Ryan Brown pits 'Spouse vs. House' on TLC
Interior designer Ryan Brown, the easygoing counterpart to high-strung house flipper Jeff Lewis on Bravo's "Flipping Out," is playing the nice guy again, this time on his own show. "Spouse vs. House," which airs on TLC, is a multilayered hour of renovation and couples therapy: A husband and wife are given $25,000 to redo three rooms. The husband provides the sweat equity, doing the work himself, while the wife moves out of the house and his life (they have no contact for three weeks) and hopes the results aren't ghastly.
But, wait. Brown, whose own residence was the subject of a 2009 Los Angeles Times photo tour, selects one of the existing rooms and re-creates it to scale in a set called the Dollhouse. The replica room and its contents are spray-painted white, above.
The designer then has a consultation and shopping trip with the wife. (Some items come from Ryan Brown Style, the designer's recently launched online store.) Then the husband visits the Dollhouse and has the opportunity to use ideas and buy items for the real room back home. Finally -- phew! -- the couple are reunited in the dramatic DIY reveal. (If TLC is looking for a follow-up next season, might we suggest letting the wives run the renovation and sending the men shopping?)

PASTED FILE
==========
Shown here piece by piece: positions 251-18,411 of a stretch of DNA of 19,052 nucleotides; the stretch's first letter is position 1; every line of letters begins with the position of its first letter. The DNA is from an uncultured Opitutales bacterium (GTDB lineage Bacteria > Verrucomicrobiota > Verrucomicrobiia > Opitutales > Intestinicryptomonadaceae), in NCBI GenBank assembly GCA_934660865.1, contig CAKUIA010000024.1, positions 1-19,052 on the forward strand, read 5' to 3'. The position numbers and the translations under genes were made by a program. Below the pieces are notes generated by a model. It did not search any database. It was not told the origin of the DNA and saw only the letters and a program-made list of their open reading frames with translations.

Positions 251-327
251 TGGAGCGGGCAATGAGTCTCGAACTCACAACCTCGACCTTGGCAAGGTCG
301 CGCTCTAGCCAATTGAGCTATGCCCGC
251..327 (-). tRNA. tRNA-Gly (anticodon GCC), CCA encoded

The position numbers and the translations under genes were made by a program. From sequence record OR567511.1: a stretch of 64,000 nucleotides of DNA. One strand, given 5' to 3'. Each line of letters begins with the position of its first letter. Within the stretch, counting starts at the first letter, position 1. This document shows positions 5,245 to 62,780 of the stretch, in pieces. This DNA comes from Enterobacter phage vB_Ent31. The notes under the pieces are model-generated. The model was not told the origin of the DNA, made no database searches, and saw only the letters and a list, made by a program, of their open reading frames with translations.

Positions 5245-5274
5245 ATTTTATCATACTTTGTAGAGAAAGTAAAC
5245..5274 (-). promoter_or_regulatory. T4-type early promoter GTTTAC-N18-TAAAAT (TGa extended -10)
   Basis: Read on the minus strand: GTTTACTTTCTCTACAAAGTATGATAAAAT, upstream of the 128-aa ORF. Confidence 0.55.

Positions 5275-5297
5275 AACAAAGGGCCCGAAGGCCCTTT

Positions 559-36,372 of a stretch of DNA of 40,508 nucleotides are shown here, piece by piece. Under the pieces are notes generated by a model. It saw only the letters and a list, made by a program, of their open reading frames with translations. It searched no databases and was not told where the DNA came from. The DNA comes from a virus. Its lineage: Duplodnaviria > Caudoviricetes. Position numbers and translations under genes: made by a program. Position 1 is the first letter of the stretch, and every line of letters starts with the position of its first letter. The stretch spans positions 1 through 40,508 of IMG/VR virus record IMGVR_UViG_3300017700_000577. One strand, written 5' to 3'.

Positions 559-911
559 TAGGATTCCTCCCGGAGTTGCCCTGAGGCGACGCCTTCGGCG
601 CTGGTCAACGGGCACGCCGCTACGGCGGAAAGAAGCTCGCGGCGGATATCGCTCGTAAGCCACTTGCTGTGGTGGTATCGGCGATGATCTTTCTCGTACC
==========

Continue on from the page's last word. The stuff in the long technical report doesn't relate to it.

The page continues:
Most guys have two thoughts going into the projects, Brown said in an email: demolition and the big screen. "They grab a sledgehammer, the testosterone kicks in, and they start tearing things apart without even really coming up with a plan," Brown said. "The other thought seems to be, 'How big of a TV can I get in here?' "
Brown also noticed that, with the number of design shows on TV, men are much more educated about design than in years past. (One of the cutest parts of the show: When the husbands speak decorator language and get stoked about wallpaper.) The biggest surprise over the six episodes, Brown said, was watching the wives change through the process.
"They started off shell-shocked about having to move out of their homes, but as the weeks progressed, they really enjoyed working on the Dollhouse," he said. "These women are not the type that has a ton on money and time to design a dream room. The show gave them the opportunity to express their creativity and realize that they could actually design a beautiful room. They became women with confidence, which to me is way more important than how the house turned out."
-- David A. Keeps
Photo credit: Ann Summa / TLC